Daily Roundup: “It Ain’t Water On Mars” and Some Want UK Astronauts, But Others Don’t

Simulations of dry debris flow and water flow when compared with HiRISE observations. Figure credit: Jon Pelletier, University of Arizona

There has been much debate surrounding observations by the artificial satellites orbiting Mars, but with one discovery, the debate was… non-debatable. Liquid water was flowing (albeit quickly) across the Martian surface intermittently, creating river-like channels flowing down crater sides. But that was until a group of University of Arizona scientists tackled the situation. To their surprise it wasn’t water that was flowing, it was something entirely different…
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Snippet: Can Pieces of Mercury be Found on Earth?

A meteorite on the surface of Mars. Image credit: NASA/JPL

This is an interesting thought. We know that rocks from space can fall through the atmosphere and hit the ground as meteorites. But where do these rocks come from? Some come from old remnants of the early solar system, floating through space until they are captured by the Earth’s gravitational pull. Other meteorites come from other planets, ejected pieces of the planet crust (caused itself by a meteorite impact), escaping from the planets gravity by achieving “escape velocity”. We have found samples known to come from the Moon and Mars, but what about the other planets? Venus’ atmosphere is too thick to allow pieces of its surface to fly into space, but what about the first planet from the Sun, Mercury? Can bits of Mercury travel through space and land on Earth?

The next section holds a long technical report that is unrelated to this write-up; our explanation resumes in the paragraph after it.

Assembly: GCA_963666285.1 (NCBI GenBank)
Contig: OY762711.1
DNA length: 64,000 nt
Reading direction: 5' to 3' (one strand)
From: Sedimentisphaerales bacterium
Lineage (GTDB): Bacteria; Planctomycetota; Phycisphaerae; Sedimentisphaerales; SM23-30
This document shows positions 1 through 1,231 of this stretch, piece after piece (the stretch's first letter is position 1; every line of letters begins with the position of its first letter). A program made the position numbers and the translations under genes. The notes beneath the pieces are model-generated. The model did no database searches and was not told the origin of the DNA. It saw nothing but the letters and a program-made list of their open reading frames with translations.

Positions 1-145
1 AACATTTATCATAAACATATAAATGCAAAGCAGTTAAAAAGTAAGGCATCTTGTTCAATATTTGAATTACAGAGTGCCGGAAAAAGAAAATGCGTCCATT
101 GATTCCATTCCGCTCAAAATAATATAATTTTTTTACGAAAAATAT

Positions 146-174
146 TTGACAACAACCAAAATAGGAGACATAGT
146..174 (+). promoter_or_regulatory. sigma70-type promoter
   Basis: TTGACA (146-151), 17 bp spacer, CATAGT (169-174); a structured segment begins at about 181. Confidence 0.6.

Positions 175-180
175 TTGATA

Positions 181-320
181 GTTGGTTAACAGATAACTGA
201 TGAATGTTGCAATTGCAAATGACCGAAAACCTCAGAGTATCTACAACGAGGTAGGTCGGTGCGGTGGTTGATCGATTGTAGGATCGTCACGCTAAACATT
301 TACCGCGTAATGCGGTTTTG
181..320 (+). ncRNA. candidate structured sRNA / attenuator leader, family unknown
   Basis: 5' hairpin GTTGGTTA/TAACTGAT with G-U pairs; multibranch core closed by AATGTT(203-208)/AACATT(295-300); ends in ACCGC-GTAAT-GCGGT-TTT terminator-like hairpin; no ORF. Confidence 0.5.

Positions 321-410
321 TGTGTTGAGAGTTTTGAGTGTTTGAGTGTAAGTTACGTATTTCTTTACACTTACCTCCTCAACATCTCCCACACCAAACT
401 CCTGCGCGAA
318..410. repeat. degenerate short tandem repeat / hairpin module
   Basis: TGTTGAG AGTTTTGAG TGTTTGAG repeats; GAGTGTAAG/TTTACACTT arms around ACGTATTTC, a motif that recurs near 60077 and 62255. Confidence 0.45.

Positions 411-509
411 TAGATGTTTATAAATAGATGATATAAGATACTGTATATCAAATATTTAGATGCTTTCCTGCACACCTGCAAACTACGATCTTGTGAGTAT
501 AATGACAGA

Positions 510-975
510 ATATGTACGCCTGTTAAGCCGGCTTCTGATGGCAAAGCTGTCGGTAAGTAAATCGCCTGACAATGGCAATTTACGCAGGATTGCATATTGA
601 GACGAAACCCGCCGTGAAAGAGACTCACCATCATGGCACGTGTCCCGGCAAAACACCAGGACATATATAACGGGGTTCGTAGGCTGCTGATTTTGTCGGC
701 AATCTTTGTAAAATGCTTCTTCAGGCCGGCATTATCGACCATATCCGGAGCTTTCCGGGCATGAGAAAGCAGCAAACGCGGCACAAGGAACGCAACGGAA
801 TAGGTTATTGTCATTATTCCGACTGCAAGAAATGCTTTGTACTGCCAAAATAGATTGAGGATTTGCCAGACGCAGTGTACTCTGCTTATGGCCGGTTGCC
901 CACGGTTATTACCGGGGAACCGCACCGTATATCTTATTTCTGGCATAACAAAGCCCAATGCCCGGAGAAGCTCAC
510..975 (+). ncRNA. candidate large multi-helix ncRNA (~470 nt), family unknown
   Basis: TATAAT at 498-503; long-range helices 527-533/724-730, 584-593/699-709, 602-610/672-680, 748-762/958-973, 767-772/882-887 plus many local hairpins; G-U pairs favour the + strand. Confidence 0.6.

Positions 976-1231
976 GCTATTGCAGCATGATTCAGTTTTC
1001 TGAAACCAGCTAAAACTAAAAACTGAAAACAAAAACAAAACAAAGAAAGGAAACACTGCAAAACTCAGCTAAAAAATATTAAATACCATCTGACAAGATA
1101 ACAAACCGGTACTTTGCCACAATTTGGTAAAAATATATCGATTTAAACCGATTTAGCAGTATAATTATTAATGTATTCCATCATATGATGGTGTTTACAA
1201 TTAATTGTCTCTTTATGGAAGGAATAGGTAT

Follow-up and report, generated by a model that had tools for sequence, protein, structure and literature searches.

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Protecting Future Mars Colonies From Solar Radiation: An Early Warning System

A solar flare during the storms of 2003. Image taken by the EIT instrument on SOHO. Image credit: NASA/EIT

We all know that space can be a dangerous place. Many safety measures are put in place by space agency scientists so astronaut’s lives are protected and mission success can be assured. Generally, some degree of certainty can be insured in near Earth orbit, protecting astronauts onboard the International Space Station and Shuttle missions, as most activities go on within the Earth’s protective magnetosphere. But in the future, when we establish a colony on the Moon and Mars, how will human life be protected from the ravages of solar radiation? In the case of Mars, this will be of special interest as should something go wrong, colonists will be by themselves…
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Snippet: Will the Earth be Safe From Solar Expansion? The Outlook Isn’t Great…

As the Sun runs out of fuel, it will swell… but will it swell enough to swallow the Earth? Image credit: Mark Garlick/HELAS. Source: http://www.sciam.com/article.cfm?id=exoplanet-red-giant-space-astronomy-stars

In 7 billion years time, the Sun will run out of fuel. As it dies, it will swell so big that many predict that it will reach as far as Earth’s orbit. Naturally, the likelihood of the Earth still harbouring life may be debatable (after all 7 billion years is a long, long time), but should the human race still be around, and evolved into something totally unrecognizable, what will we see?
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